If you’re jetting off on holiday then, in principle, you can leave everything to the last minute if you really want. After all, the worst that can happen is that you have to cancel your holiday. If, however, you’re planning an international move, especially for study or work, then it is very much recommended to start your planning as far in advance as you can and put the time to good use. Here are some tips.
Save as much as you can
An old backpacking adage is “take half the amount of stuff that you think you’ll need and twice the amount of money”. This doesn’t necessarily translate exactly to international moves, but the general principle is still good. Any change at all has the potential to lead to unexpected expenses and the more significant the change, the more likely it is that you’ll wind up overlooking something and need to find extra money for it.
Decide when to buy and when to DIY
In other words, decide when you would benefit from using professional services and when you can just do things on your own. As a rule of thumb, the more complex a task is, the more inclined you should be to hand it over to a professional. For example, if you’re undertaking a semester abroad as a student, then there is a good chance you’ll be able to manage your immigration requirements yourself and then literally just pack your bags and go. If, however, you want an employment visa and you’re going to need (or want) to take a lot of luggage with you, then you’ll probably save yourself a whole lot of money (and certainly hassle) if you just get professionals to take care of it for you.
Make a checklist of all the admin you need to do
Basically, as you go through your day, make a note of all the tasks you do and ask yourself if you’re likely to need or want to do these overseas. If the answer is yes, research what will need to happen to make that possible and take action as necessary. For example, in the UK, driving requires both a driver’s licence and insurance. You can often use your UK driver’s licence overseas, at least for a certain period, although there may be a limit to this, you’ll probably need to sort out insurance. Do as much as you can before you leave so you maximise your chances of hitting the ground running when you arrive.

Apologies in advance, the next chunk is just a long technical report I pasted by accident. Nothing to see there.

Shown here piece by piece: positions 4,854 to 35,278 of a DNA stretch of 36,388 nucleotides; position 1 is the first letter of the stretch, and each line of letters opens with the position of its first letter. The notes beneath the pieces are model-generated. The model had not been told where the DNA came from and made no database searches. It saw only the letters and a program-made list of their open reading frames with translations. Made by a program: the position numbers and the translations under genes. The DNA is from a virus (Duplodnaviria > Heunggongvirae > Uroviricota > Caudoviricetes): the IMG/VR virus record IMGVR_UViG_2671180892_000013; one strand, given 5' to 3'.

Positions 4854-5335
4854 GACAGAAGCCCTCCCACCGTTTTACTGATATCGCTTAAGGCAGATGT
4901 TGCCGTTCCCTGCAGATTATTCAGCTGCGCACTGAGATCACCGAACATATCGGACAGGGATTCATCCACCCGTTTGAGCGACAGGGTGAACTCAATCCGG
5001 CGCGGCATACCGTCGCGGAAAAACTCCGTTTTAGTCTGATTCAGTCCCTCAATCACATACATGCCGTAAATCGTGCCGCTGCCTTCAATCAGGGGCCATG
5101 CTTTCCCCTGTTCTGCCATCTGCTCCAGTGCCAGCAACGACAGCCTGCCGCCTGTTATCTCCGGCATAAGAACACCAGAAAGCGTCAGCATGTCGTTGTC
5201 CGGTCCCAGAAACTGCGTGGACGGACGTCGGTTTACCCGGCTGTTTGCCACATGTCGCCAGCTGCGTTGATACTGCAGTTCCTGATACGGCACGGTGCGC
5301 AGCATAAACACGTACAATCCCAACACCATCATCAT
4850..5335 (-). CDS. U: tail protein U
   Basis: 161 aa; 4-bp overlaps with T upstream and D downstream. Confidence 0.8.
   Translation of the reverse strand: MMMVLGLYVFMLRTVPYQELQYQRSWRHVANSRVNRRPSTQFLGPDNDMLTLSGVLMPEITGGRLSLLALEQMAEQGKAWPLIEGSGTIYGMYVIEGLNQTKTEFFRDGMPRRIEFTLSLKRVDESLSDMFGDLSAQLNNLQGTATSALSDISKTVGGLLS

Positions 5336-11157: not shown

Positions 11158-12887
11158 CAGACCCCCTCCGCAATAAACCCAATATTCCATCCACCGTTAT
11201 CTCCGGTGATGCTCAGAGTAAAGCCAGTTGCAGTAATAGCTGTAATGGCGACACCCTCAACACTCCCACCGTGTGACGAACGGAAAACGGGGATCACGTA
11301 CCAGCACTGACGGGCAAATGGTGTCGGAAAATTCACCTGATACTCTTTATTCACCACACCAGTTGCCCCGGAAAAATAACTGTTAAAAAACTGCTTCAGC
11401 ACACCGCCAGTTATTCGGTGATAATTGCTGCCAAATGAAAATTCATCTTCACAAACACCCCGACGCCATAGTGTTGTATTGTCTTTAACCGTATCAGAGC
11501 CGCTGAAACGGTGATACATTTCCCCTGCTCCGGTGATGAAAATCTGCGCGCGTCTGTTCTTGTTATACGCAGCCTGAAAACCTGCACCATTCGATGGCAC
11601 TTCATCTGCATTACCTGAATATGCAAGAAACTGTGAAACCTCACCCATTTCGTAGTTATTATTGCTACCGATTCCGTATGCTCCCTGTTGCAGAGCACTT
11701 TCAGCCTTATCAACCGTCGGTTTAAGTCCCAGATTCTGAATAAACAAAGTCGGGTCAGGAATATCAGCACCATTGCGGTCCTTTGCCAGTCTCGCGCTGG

Start sorting out your belongings as early as possible
This is probably not going to be fun for anyone, but it needs to be done and the earlier you start, the less likely you are to wind up having to deal with everything in a stressed-out rush.
Moving forward, you’re going to have to treat your belongings in one of four ways: digitise, dispose of, store and pack. Digitise means exactly that, you take physical items and make digital copies of them. If you have a lot of documents and photographs, you can save an amazing amount of space going through this process. Obviously be careful about throwing away important documents after digitisation, you might want to keep a paper copy as well, just to be on the safe side, but a lot of the time papers and photos can just be digitised and recycled. Dispose of just means getting rid of something in some way, it could be selling, donating or recycling it, rather than just binning it, but the end result is that it’s out of your life.
Anything leftover needs to be either stored in the UK for your return or packed away to take with you. The one exception is perishable consumables, e.g. food, which you should aim to use up before you leave and if you can’t try to find some way for them to be moved on to a new home rather than just binned.
When it comes to packing precious items, this is where you really do need to let the professionals take over. We can ensure that they are packed for temperature changes, altitude and for both road & sea freight. There is a lot more to moving aboard and so it pays to ask for help where you can. Please contact us to find out how we can help you pack safely.